Skip to content Skip to footer




© Columbano Bordalo Pinheiro
1834 – 1900
The death penalty is the "punishment that pays blood with blood, murdering without rectifying, avenging without improving."
Augusto César Barjona de Freitas

A jurist, law professor, member of parliament and minister - notably of Ecclesiastical Affairs and Justice - Augusto César Barjona de Freitas led important reforms such as the judicial and administrative re-organisation, but above all the abolition of the death penalty. Portugal was the second state to abolish the death penalty after Tuscany1 , and thus the first country in the European Union, even though this entity did not yet exist. And although the influence of the EU did not in any way guide its decision, Portugal carries within it the foundations of the abolitionist value, promoted today by all European states.

While no woman was executed in Portugal after 1777, and no man since 1846, as early as 1852, Manuel José Mendes Leiten presented to the Chamber of Deputies a proposal to abolish the death penalty for political crimes. This gave rise to the "Additional Act to the Constitution". In 1863, the Chamber passed the abolition of the death penalty as a matter of right, but their decision did not receive royal assent. Based on this prophecy, the minister Augusto César Barjona de Freitas proposed the abolition of the death penalty for all crimes, except for treason in wartime. He describes capital punishment as 'the penalty that repays blood with blood, that kills but does not correct, that avenges but does not improve, and that, usurping from God the prerogatives of life and closing the door to repentance, extinguishes in the heart of the condemned all hope of redemption, opposing the fallibility of human justice to the darkness of an irreparable punishment'.

Barjona de Freitas' project was presented to the House of representatives on February 9 & 10, 1866. It was approved, as well as in the Chamber of Peers, and remarkably, with only two abstentions and two votes against. The law, which was pioneered and consecrated by King Luís, was published on July 1, 1867. It stipulates in its article 1, the abolition for civil crimes. Notably, the decree of June 9, 1870 was extended and applied to the colonies. The question of reinstating capital punishment has never been raised since then. This early abolition has been lasting. Nevertheless, it was not until the 1976 Constitution - after the fall of Salazar - that the supreme punishment for military crimes was also abolished.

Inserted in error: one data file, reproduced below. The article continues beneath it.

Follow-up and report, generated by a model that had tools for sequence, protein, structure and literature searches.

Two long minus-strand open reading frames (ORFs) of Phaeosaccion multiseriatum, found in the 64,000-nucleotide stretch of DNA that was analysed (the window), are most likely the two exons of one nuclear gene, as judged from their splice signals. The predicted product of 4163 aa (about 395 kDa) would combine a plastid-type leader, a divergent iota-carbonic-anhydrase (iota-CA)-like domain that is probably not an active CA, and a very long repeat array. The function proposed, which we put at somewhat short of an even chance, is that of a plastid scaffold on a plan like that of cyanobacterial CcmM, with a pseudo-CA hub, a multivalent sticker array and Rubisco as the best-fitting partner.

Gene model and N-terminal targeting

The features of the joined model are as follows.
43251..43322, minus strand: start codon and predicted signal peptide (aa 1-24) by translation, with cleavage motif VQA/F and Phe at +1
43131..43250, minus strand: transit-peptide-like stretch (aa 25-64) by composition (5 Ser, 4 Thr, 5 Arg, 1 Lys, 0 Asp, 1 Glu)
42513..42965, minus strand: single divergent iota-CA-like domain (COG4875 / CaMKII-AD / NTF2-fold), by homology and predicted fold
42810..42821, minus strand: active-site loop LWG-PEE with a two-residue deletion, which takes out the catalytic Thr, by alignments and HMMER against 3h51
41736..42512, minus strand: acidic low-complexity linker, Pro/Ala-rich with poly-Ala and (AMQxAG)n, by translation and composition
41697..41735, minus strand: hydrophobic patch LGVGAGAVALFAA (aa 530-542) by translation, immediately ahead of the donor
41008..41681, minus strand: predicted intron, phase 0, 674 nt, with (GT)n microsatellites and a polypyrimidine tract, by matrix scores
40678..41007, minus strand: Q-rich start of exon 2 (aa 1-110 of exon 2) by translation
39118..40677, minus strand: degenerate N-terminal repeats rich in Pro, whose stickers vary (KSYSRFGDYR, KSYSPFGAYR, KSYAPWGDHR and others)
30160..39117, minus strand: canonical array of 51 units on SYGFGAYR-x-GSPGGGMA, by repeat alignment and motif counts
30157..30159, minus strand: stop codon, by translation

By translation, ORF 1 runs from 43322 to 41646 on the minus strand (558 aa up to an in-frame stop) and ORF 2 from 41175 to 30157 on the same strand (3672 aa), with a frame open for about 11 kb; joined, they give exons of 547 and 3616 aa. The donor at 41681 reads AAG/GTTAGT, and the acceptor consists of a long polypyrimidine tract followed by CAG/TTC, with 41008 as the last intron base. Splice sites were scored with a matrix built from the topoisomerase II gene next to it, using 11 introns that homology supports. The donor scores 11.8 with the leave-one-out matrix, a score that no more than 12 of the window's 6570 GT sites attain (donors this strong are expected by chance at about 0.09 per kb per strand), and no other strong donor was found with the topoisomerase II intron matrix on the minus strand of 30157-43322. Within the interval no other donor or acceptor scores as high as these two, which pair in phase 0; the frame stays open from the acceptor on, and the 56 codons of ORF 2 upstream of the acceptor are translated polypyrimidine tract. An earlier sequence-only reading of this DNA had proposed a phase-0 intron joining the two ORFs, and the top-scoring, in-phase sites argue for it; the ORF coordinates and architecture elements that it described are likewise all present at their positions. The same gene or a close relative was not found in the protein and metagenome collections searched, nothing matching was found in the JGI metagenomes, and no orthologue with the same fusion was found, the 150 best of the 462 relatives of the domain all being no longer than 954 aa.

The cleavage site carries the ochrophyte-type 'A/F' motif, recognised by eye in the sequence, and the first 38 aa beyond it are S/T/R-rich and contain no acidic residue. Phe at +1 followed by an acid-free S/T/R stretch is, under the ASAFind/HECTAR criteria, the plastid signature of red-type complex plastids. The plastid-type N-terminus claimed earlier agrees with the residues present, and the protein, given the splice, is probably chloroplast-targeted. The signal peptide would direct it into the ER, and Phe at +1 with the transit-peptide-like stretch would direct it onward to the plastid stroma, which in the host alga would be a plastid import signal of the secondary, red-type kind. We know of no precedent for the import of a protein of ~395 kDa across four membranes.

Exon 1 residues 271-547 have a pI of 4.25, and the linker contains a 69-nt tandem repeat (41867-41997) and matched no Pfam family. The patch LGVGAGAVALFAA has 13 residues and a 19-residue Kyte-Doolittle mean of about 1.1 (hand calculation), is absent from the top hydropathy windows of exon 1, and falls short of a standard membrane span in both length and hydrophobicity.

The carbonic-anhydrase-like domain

A source of European inspiration, referring to eminent figures of Enlightenment thought - notably Beccaria -, this political action was also strongly influenced by Freemasonry, which was very present in 19th century Portugal, counting a number of deputies, ministers, peers of the kingdom and senior civil servants, carrying a humanist ideal. In parallel with the abolition law, a prison reform was proposed, developing an innovative prison regime, in opposition to punitive justice: regeneration and rehabilitation of individuals into society through education, paid work, literacy, etc.

Marie Bardiaux-Vaïente

[1] Tuscany - then independent before its incorporation into Italy - was the first abolitionist state in the world. Leopold, Grand Duke of Tuscany, abolished the death penalty in 1786, following the presentation and influence of his advisor, Cesare Beccaria. Beccaria published the first work on the abolition of the death penalty, Crimes and punishments, in 1764.

Ending the death penalty

Author: Andrew Hammel
Publication Date: 2010
Edited by: Palgrave MacMillan

Why has Western Europe abolished capital punishment, while the United States continues to execute prisoners? Who were the leaders of Western Europe's successful abolition campaigns, and what strategies did they use? What are the prospects for international law efforts to abolish capital punishment?

Drawing on research in multiple disciplines and many foreign-language sources, this book proposes answers to these questions. Movements to abolish the death penalty cannot be understood without a grasp of the dynamics of public opinion on capital punishment, which is driven not by rational consideration but by what cognitive psychologists call 'social intuitions,' deeply rooted attitudes which are resistant to change. European death-penalty abolitionists quickly realized the futility of trying to change public opinion on a mass scale, and instead devised strategies to accomplish abolition despite lingering public support for the death penalty. Pointing to the importance of political structures that allowed European abolitionists to bypass public opinion, this study assesses the prospects of the 'European model' of abolition in global perspective.
Share on

Contact us

Ensemble contre la peine de mort (Together Against the Death Penalty)
62bis Avenue Parmentier
75011 Paris

Tel: + (33) 1 57 63 03 57

Fax: + (33) 1 80 87 70 46



With financial support from:

In partnership with:

The ideas and views presented on this website should not be taken to reflect the official position of the funding partners.